Like most people, I’m very finicky about how I want to be advertised to. Mobile devices are such a highly personal experience, and being interrupted while checking email and using apps is not desirable. I remember the late Steve Jobs saying: "Mobile advertising really sucks". He wanted the new Apple iAd mobile advertising platform to serve up interactive ads that look more like entertainment (aka viral videos) instead of annoying flashing flash animation distractions.

Still, I believe mobile advertising can be a valuable tool as long as brands take advantage of mobile users' unique advertising preferences, and afford them the opportunity to shape how they're advertised to. And how about some really good offers to incentives them for doing so?

What’s my point?

The point is communications is not in the technology, the tools, or the medium. It’s in making a real connection with someone who is actually interested. The essence of communications remains as it always has been, that there are at least two parties who are keenly involved.  Imagine all those people who don’t think about how the person you are attempting to influence will receive your message! I’m dumbstruck. This is certainly not the best way to make a sale.

The Forrester research report notes that a great majority of people find digital advertising annoying. As I see it, the problem is not the medium, the problem is the message.

As the gap between information provided and people’s ability to digest it widens, the fight for people’s attention becomes crucial. Digital advertising needs to be trusted, wanted and needed if it is to avoid being screened out. It needs to go from the annoying to the amazing. Let’s fix this now!

My iPhone vibrates: more text messages

Text message ads can be just as annoying as app advertising. In the case of text messages, its very difficult, if not impossible, to unsubscribe from the damn things. At this point I would never buy from the companies that are texting  ads for things I don’t want or don’t need. I never asked for them in the first place.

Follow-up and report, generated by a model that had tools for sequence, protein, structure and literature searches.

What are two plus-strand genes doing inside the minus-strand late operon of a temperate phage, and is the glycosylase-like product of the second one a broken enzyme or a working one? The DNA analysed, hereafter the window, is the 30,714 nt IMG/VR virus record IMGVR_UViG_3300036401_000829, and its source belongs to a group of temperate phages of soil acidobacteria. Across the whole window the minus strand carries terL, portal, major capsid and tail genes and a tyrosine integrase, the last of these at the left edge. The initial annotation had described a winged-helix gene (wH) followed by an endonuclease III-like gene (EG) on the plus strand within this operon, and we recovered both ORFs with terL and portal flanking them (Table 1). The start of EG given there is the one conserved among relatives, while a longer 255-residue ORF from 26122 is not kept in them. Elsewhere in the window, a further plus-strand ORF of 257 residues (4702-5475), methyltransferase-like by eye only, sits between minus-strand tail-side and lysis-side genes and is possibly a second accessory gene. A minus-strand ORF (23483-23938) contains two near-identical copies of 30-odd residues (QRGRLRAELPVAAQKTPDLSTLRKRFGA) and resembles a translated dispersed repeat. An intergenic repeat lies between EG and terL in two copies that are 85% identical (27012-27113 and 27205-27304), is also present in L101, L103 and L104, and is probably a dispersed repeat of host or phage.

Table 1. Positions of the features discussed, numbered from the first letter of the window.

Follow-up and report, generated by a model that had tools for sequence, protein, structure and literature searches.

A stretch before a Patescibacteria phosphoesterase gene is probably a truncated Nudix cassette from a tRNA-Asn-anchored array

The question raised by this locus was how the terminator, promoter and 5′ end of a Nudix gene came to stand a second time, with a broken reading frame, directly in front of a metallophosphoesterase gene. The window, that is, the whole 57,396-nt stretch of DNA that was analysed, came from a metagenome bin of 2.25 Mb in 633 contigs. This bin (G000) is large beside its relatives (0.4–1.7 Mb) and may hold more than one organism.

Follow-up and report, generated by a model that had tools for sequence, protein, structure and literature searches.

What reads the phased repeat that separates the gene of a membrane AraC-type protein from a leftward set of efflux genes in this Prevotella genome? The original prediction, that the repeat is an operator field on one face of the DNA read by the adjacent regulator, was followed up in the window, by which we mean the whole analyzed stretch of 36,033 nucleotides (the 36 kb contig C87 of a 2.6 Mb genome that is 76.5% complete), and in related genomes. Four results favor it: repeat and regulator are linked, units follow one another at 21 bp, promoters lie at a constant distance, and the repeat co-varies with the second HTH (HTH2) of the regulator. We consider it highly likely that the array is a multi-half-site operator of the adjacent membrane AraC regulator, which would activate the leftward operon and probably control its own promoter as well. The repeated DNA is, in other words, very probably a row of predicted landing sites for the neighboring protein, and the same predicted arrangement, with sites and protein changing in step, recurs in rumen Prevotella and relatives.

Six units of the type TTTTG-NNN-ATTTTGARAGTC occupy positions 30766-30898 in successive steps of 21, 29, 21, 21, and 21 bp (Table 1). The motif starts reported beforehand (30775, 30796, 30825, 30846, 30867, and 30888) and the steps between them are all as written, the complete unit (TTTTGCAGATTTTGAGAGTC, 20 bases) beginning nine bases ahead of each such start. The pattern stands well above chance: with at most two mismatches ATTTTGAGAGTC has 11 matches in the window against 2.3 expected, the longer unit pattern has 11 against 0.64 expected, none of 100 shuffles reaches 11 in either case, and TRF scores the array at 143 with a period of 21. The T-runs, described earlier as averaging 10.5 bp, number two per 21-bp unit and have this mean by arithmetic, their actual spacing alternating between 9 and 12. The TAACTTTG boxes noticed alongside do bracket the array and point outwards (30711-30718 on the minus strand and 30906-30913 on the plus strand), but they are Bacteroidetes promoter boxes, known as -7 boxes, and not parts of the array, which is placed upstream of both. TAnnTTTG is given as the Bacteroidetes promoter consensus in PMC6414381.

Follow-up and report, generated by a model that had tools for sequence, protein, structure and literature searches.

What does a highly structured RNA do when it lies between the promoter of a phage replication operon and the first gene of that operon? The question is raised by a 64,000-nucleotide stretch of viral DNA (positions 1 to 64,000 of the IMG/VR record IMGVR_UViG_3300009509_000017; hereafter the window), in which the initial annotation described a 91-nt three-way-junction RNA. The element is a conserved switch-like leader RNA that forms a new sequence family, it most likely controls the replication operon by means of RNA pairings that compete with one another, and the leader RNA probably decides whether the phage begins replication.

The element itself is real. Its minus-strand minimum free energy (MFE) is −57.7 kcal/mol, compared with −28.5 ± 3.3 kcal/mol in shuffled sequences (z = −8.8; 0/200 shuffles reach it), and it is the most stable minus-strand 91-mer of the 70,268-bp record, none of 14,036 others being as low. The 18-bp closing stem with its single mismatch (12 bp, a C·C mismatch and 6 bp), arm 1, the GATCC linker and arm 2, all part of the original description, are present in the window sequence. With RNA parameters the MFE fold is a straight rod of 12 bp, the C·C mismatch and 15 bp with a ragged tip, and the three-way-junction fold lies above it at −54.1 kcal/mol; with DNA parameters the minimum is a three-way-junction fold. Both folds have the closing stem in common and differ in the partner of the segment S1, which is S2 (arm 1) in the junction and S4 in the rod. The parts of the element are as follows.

Perhaps I need to change my phone number?  Cellular phones are highly personal; television is not!

I’m at the office

I’m sitting at my desktop checking for emails. This task seems to be taking up more and more of my time each day.  Ten minutes in, and I realize I need to make a new email strategy for 2013... even better, for the forthcoming decade.

I propose:

  • Not to accept chain emails.
  • No more dying child emails.
  • No more emails from the Bank of Nigeria alerting me that $30 million dollars has been deposited to an account in my name and all I have to do is send them my bank particulars so they can deposit it to my bank electronically.
  • No more “cure-all” emails from healers.
  • No more “send this to 10 people in 10 minutes or you will have bad luck all year” emails.

Ubiquity is the new exclusivity

Yankelovich, a market research firm, estimates that a person living in a city 30 years ago saw up to 2,000 ad messages a day, compared with up to 5,000 today. In another of their surveys, almost half the 4,110 people surveyed said they thought marketing and advertising today was out of control.